Running the Marathon for Rockaway


 The New York City Marathon may have been canceled this year, but that couldn’t stop the running spirit in Brendan Lally. While he may have missed Manhattan, Staten Island and the Bronx, the Belle Harbor resident took to the local streets on what would have been marathon day, to clock in the 26.2 miles, while raising some money for local charities along the way.

When Lally learned this year’s NYC Marathon had been canceled due to coronavirus concerns, disappointed was an understatement. After all, it would have been his fourth marathon and the 2020 race was set to be a milestone event in its 50th year. Not to mention, Lally had already spent a lot of time training. “The New York City marathon wasn’t canceled until other races around the world started being shut down. We were holding out hope and eventually they shut it down. They had to. But I had stayed training all the way through, just for my sanity,” Lally said.

He decided to keep running. When the marathon organizers announced that they would host a virtual marathon instead, Lally decided to give it a go. “It was something to focus on while everything else was going on,” he said. In the past, Lally had raised money for Community Access in Manhattan, but having to stick to the local streets for this year’s run, he decided to run for some local causes in the neighborhood he’s lived in for just two years. “I inquired with my friend, Joe Courtney, if he knew any local charities that I could run for and he told me about the Graybeards and Rockaway WISH. So I contacted both and asked if they’d mind if I ran for them. They said that would be great,” Lally said.

Lally soon started a GoFundMe campaign for his charitable run and between donations from suppliers for his fire alarm system company, IRL Systems, locals, and friends, Lally was able to raise $4,140. He plans to split the funds between the Graybeards and WISH equally, donating $2,070 to each local organization.

All that was left to do was run. On Sunday, November 1, what would have been marathon day, Lally hit the pavement. He left his Belle Harbor home and headed for Riis Park, then down to Beach 67th Street on the boardwalk, then to Beach 94th Street, clocking in eight miles locally before heading over the Cross Bay Bridge to run through Broad Channel, Howard Beach and along the Belt Parkway to finish the 16-mile loop. While it was technically a solo marathon for Lally, he was never alone. With Sean Tubridy, Jonathan Waters, Patricia Boyd and Aiden Conlon all following on bikes, and his wife, Sinead and two kids, Claire and Finn, cheering him on from their car, Lally was in good company.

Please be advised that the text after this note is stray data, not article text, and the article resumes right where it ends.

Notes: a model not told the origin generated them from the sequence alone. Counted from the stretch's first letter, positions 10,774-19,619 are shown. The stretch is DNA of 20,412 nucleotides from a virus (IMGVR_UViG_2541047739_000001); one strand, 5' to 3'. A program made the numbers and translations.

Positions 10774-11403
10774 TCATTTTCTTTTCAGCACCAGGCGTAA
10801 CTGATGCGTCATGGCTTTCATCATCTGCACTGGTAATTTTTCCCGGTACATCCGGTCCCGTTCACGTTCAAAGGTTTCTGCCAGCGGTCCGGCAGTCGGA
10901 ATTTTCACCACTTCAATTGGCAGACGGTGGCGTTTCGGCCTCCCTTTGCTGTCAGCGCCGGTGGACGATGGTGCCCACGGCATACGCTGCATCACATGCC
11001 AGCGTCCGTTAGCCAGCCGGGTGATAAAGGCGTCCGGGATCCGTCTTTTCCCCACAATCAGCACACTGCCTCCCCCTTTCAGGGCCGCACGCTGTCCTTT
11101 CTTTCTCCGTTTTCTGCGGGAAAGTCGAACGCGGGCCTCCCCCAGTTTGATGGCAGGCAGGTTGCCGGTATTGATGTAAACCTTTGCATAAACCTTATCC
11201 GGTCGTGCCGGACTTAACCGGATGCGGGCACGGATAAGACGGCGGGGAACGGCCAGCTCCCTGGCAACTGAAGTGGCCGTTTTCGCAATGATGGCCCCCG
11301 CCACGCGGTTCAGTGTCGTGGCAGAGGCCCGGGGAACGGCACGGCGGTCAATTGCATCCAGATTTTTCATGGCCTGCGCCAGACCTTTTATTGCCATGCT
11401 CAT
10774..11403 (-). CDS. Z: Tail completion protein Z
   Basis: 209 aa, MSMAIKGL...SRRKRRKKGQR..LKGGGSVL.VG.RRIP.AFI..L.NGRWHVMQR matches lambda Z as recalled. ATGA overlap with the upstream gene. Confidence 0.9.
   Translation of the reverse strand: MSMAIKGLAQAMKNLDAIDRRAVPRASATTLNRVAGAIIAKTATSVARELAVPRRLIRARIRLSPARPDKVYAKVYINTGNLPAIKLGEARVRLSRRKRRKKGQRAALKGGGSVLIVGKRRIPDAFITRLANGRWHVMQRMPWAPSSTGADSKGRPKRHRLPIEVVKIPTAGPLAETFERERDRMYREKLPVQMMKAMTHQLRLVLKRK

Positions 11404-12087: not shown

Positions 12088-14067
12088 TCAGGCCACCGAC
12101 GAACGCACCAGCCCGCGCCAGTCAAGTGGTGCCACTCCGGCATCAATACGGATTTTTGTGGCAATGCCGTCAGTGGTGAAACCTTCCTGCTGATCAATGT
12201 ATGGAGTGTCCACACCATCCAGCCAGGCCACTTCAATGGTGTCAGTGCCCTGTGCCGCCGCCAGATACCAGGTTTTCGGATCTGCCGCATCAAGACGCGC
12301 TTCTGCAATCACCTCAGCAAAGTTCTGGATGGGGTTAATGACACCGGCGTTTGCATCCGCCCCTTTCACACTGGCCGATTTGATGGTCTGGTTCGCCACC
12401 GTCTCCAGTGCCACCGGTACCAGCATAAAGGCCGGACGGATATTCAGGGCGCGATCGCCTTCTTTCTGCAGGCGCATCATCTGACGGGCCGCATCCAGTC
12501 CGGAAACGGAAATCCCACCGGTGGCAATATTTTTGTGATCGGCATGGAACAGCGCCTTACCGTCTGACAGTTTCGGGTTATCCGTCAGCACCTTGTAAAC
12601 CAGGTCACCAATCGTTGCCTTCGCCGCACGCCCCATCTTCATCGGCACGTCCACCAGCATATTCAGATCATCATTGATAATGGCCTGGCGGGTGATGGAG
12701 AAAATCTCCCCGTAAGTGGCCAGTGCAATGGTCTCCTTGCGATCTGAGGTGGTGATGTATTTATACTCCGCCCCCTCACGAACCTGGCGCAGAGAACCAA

And that company came in handy when like most cars, Lally hit a slowdown on the Belt. “Somewhere around mile 16 on the Belt, my legs started to spasm with cramps. I had never experienced anything like this. It was like aliens bursting out of my legs. My coach, Patty was with us and said we needed to get salt, but there was nowhere around to get it,” Lally said. Calls started being made. Lally’s crew got in touch with friend, Mike Balfe, who made a quick trip to a Popeye’s on Flatbush Avenue to grab some salt packets. Tubridy met Balfe and caught up with Lally to deliver the salt. “They poured four packets of salt into my mouth, which was horrible, but it worked like a miracle for the cramps. I was able to get running again and the cramps came on again, but I had three more packets of salt and kept going. We nursed it home around Flatbush and the Marine Parkway Bridge,” Lally said.

He gained some extra motivation as he passed the firehouse along Riis Park to cheers from New York City’s Bravest, and his wife began to blast the Rocky theme song as he made his way back toward home in the last mile.

Despite the salty setback, Lally ended with a sweet finish. He completed the marathon in 3:18:31, a whole four minutes faster than his personal record. To make it even sweeter, he came home to a big celebration with friends. “Keith Sullivan had arranged for people to come over and it was an amazing finish to the race. A few of the boys were there and Keith got two local singers to play and we had food for about two hours after the race. It was really an amazing day,” Lally said. The party even included a cake, made by Helen Corr-Endall, a secretary at St. Francis de Sales Catholic Academy, who included every detail in the icing, down to the 2020 medal, which NYC Marathoners receive after completing the run.  

And while the icing medal didn’t last long, Lally will eventually receive the real deal for competing in the NYC Marathon’s virtual race. “I’m looking forward to that because it’s going to say 2020 on it, which I think is cool,” Lally said.

While running the marathon solo was a different experience, Lally says he was happy to have the local support throughout. “I had my own support team, which you wouldn’t have during the real marathon. You have to wait for each mile to see people out there supporting you. Here, I felt special, like I could put out my hand they were there to help me. That was amazing. I felt safe,” he said.

Lally says that local support has been felt since he moved to Rockaway. “We only moved to Rockaway two years ago and we were very apprehensive about moving from Bay Ridge after 22 years, but Rockaway has turned out to be an amazing place and we absolutely love it. We love the people and we love the area,” he said. “I’m really blessed to be here.”